Constant Alphonse-Louis - The History of Magic

Author : Constant Alphonse-Louis (Eliphas Lévi)
Title : The History of Magic
Year : 1922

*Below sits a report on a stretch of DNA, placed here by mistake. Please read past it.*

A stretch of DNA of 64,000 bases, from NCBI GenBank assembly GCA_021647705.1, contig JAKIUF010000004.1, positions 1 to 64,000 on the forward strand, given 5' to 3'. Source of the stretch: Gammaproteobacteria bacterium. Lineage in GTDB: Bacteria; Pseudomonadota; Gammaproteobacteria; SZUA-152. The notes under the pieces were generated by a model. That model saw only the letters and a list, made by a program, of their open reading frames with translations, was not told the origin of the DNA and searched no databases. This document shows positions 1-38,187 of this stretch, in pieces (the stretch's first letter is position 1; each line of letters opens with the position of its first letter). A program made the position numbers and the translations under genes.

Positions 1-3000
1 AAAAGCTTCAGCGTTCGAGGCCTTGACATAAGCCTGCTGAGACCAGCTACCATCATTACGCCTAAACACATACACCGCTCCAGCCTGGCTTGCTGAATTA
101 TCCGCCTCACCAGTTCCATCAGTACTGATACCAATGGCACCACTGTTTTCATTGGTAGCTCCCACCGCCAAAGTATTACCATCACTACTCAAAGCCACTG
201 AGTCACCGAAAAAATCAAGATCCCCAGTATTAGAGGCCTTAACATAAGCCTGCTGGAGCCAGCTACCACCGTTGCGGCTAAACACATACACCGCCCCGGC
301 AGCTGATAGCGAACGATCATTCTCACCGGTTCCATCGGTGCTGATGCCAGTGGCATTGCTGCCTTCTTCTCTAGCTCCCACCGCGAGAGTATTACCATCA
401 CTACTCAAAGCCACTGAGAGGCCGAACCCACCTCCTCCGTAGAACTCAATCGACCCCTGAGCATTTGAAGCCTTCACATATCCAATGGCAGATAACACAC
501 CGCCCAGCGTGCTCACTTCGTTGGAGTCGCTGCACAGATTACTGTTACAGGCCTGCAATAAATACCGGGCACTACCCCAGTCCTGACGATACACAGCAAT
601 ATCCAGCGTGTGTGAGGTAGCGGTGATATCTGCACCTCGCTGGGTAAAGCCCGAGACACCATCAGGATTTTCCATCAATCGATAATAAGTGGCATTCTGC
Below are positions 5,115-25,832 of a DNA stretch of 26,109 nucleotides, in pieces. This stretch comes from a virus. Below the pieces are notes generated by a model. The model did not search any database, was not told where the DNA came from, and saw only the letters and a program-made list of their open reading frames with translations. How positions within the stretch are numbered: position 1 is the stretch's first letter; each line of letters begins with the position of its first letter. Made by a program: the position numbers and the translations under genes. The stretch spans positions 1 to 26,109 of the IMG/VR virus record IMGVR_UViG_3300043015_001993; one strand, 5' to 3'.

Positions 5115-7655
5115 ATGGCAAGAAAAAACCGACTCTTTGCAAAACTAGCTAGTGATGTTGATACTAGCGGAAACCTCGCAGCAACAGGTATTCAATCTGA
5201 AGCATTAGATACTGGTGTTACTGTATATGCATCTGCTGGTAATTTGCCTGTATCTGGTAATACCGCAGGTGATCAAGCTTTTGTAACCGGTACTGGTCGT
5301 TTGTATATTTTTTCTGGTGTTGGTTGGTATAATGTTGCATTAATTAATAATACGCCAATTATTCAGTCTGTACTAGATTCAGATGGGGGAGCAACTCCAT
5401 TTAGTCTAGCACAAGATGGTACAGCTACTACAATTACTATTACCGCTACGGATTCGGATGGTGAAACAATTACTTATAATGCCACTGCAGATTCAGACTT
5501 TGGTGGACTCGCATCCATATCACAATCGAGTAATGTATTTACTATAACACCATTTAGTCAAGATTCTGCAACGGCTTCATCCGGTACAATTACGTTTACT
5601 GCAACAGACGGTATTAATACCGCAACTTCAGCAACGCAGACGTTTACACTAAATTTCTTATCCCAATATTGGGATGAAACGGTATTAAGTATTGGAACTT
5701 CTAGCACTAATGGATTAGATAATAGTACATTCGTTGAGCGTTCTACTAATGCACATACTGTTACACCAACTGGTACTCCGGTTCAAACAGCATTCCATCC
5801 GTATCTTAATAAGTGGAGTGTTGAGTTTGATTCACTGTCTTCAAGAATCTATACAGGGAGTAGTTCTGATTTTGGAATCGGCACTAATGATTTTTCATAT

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PREFACE TO THE ENGLISH TRANSLATION. In several casual references scattered through periodical literature, in the biographical sketch which preceded my rendering of Dogme et Rituel de la Haute Magie and elsewhere, as occasion prompted, I have put on record an opinion that the History of Magic, by Alphonse Louis Constant, written - like the majority of his works - under the pseudonym of Eliphas Levi, is the most arresting, entertaining and brilliant of all studies on the subject with which I am acquainted. So far back as 1896 I said that it was admirable as a philosophical survey, its historical inaccuracies notwithstanding, and that there is nothing in occult literature which can suffer comparison therewith. Moreover, there is nothing so comprehensive in the French language, while as regards ourselves it must be said that—outside records of research on the part of folk-lore scholarship—we have depended so far on a history by Joseph Ennemoser, translated from the German and explaining everything, within the domain included under the denomination of Magic, by the phenomena of Animal Magnetism. Other texts than this are available in that language, but they have not been put into English ; while none of them has so great an appeal as that which is here rendered into our tongue. Having certified so far regarding its titles, it is perhaps desirable to add, from my own standpoint, that I have not translated the book merely because it is entertaining and brilliant, or because it will afford those who are concerned with Magic in history a serviceable general account. The task has been undertaken still less in the interests of any who may have other—that is to say, direct occult—reasons for acquaintance' with *' its procedure, its rites and its mysteries." I have no object in providing unwary and foolish seekers with material of this kind, and it so happens that the present History does not fulfil the promise of its sub-title in these respects, or at least to any extent that they would term practical in their folly. Through all my later literary life I have sought to make it plain, as the result of antecedent years spent in occult research, that the occult sciences—in all their general understanding—are paths of danger when they are not paths of simple make-believe and imposture. The importance of Eliphas Levi's account at large of the claims, and of their story throughout the centuries, arises from the fact {a) that he is the authoritative exponent-in-chief of all the alleged sciences ; (^) that it is he who, in a sense, restored and placed them, under a new and more attractive vesture, before public notice at the middle period of the nineteenth century ; {c) that he claimed, as we shall see, the very fullest knowledge concerning them, being that of an adept and master ; but {d) that—subject to one qualification, the worth of which will be mentioned —it follows from his long examination that Magic, as understood not in the streets only but in the houses of research concerning it, has no ground in the truth of things, and is of the region of delusion only. It is for this reason that I have translated his History of Magic, as one who reckons a not too gracious task for something which leans toward righteousness, at least in the sense of charity. The world is full at this day of the false claims which arise out of that region, and I have better reasons than most even of my readers can imagine to undeceive those who, having been drawn in such directions, may be still saved frorn deception. It is well therefore that out of the mouth of a master we can draw the fullest evidence required for this purpose. In the present prefatory words I propose to shew, firstly, the nature of Eliphas Levi's personal claims, so that there may be no misconception as to what they were actually, and as to the kind of voice which is speaking ; secondly, his original statement of the claims, nature and value of Transcendental Magic ; and, thirdly, his later evidences on its phenomenal or so-called practical side, as established by its own history. In this manner we shall obtain his canon of criticism, and I regard it as valuable, because—with all his imperfections—he had better titles of knowledge at his own day than any one, while it cannot be said that his place has been filled since, though many workers have risen up in the same field of inquiry and have specialised in the numerous departments which he covered generally and super^ficially. Before entering upon these matters it may be thought that I should speak at some length of the author's life ; but the outlines have been given already in an extended introduction prefixed to a digest of his writings which I published many years ago under the title of Mysteries of Magic^ and again, but from another point of view, in the preface to the Doctrine and Ritual of Transcendental Magic^ already mentioned. The latter will be made available shortly in a new annotated edition. For the rest, an authoritative life of Eliphas L^vi has been promised for years in France, but is still delayed, and in its absence the salient biographical facts are not numerous. In the present place it will be therefore sufficient to say that Alphonse Louis Constant was born at Paris in 1810, and was the son of a shoemaker, apparently in very poor circumstances. His precocity in childhood seemed to give some promise of future ability ; he was brought to the notice of a priest belonging to his parish, and this in its turn led to his gratuitous education at Saint-Sulpice, obviously with a view to the priesthood. There his superiors must have recognised sufficient traces of vocation, according to the measures of the particular place and period, for he proceeded to minor orders and subsequently became a deacon. He seems, however, to have conceived strange views on doctrinal subjects, though no particulars are forthcoming, and, being deficient in gifts of silence, the displeasure of authority was marked by various checks, ending finally in his expulsion from the Seminary. Such is one story at least, but an alternative says more simply that he relinquished the sacerdotal career in consequence of doubts and scruples. Thereafter he must, I suppose, have supported himself by some kind of teaching, and by obscure efforts in literature. Of these latter the remains are numerous, though their value has been much exaggerated for bookselling purposes in France. His adventures with Alphonse Esquiros over the gospel of the prophet Ganneau are told in the pages that follow, and are an interesting biographical fragment which may be left to speak for itself. He was then approaching the age of thirty years. I have failed to ascertain at what period he married Mile. Noemy, a girl of sixteen, who became afterwards of some repute as a sculptor, but it was a runaway match and in the end she left him. It is even said that she succeeded in a nullity suit—not on the usual grounds, for she had borne him two children, who died in their early years if not during infancy, but on the plea that she was a minor, while he had taken irrevocable vows. Saint-Sulpice is, however, a seminary for secular priests who are not pledged to celibacy, though the rule of the Latin Church forbids them to enter the married state. In or about the year 1851 Alphonse Louis Constant contributed a large volume to the encyclopaedic series of Abb^ Migne, under the title of Dictionnaire de Lttterature Chretienne, He is described therein as ancien professeur au petit Seminaire de Paris^ and it is to be supposed that his past was unknown at the publishing bureau. The volume is more memorable on account of his later writings than important by its own merits. As a critical work, and indeed as a work of learning, it is naturally quite negligible, like most productions of the series, while as a dictionary it is disproportioned and piecemeal ; yet it is exceedingly readable and not unsuggestive in its views. There is no need to add that, as the circumstances of the case required, it is written along rigid lines of orthodoxy and is consequently no less narrow, no less illiberal, than the endless volumes of its predecessors and successors in the same field of industry. The doubting heart of Saint-Sulpice had become again a convinced Catholic, or had assumed that mask for the purpose of a particular literary production. Four years later, however, the voice of the churchman, speaking the characteristic language of the Migne Encyclo'paedias, was succeeded by the voice of the magus. The Doctrine oj Transcendental Magic appeared in 1855, the Ritual in 1856, and henceforth Alphonse Louis Constant, under the pseudonym of Eliphas Levi, which has become almost of European celebrity, was known only as an exponent of occult science. It is these works which more especially embody his claims in respect of the alleged science and in respect of his own absolute authority thereon and therein. Various later volumes, which followed from his pen in somewhat rapid succession, are very curious when compared with the Doctrine and Ritual for their apparent submission to church authority and their parade of sincere orthodoxy. I have dealt with this question at length in my introduction to the Mysteries of Magic^ and I shall be dispensed therefore from covering the same ground in the present place. Such discrepancy notwithstanding, Eliphas L^vi became, in a private as well as in a public sense, a teacher of occult science and of Kabalism as its primary source : it was apparently his means of livelihood. He was in Paris during the siege which brought the Franco- German war to its disastrous close, and he died in 1875, fortified by the last rites of the Catholic Church. He left behind him a large sheaf of manuscripts, many of which have been published since, and some await an editor. Passing now to the subject-in-chief of this preface, it is affirmed as follows in the Doctrine and Ritual of Transcendental Magic :—(i) There is a potent and real Magic, popular exaggerations of which are actually below the truth. (2) There is a formidable secret which constitutes the fatal science of good and evil. (3) It confers on man powers apparently super-human. (4) It is the traditional science of the secrets of Nature which has been transmitted to us from the Magi. (5) Initiation therein gives empire over souls to the sage and full capacity for ruling human wills. (6). Arising apparently from this science, there is one infallible. indefectible and truly catholic religion which has always existed in the world, but it is unadapted for the multitude. (7) For this reason there has come into being the exoteric religion of apologue, fable and wonder-stories, which is all that is possible for the profane : it has undergone various transformations, and it is represented at this day by Latin Christianity under the obedience of Rome. (8) Its veils are valid in their symbolism, and it may be called valid for the crowd, but the doctrine of initiates is tantamount to a negation of any literal truth therein. (9) It is Magic alone which imparts true science. Hereof is what may be termed the theoretical, philosophical or doctrinal part, the dogma of " absolute science." That which is practical follows, and it deals with the exercise of a natural power but one superior to the ordinary forces of Nature. It is to all intents and purposes comprised in a Grimoire of Magic, and is a work of ceremonial evocations—whether of elementary spirits, with the aid of pantacles, talismans and the other magical instruments and properties ; whether of spirits belonging ex hypothesi to the planetary sphere ; whether of the shades or souls of the dead in necromancy. These works are lawful, and their results apparently veridic, but beyond them is the domain of Black Magic, which is a realm of delusion and nightmare, though phenomenal enough in its results. By his dedications Eliphas Levi happened to be a magus of light. It will be observed that all this offers a clear issue, and—for the rest—the Grimoire of Transcendental Magic, according to Eliphas Levi, does not differ generically from the Key of Solomon and its counterparts, except in so far as the author has excised here and enlarged there, in obedience to his own lights. He had full authority for doing so on the basis of his personal claims, which may be summarised at this point, (i) He has discovered " the secret of human omnipotence and indefinite progress, the key of all symbolism, the first and final doctrine.** (2) He is alchemist as well as magician, and he makes public the same secret as Raymund Lully, Nicholas Flamel and probably Heinrich Khunrath. They produced true gold, ** nor did they take away their secret with them.** (3) And finally : "at an epoch when the sanctuary has been devastated and has fallen into ruins, because its key has been thrown over the hedge, to the profit of no one, I have deemed it my duty to pick up that key, and I offer it to him who can take it : in his turn he will be doctor of the nations and liberator of the world." ...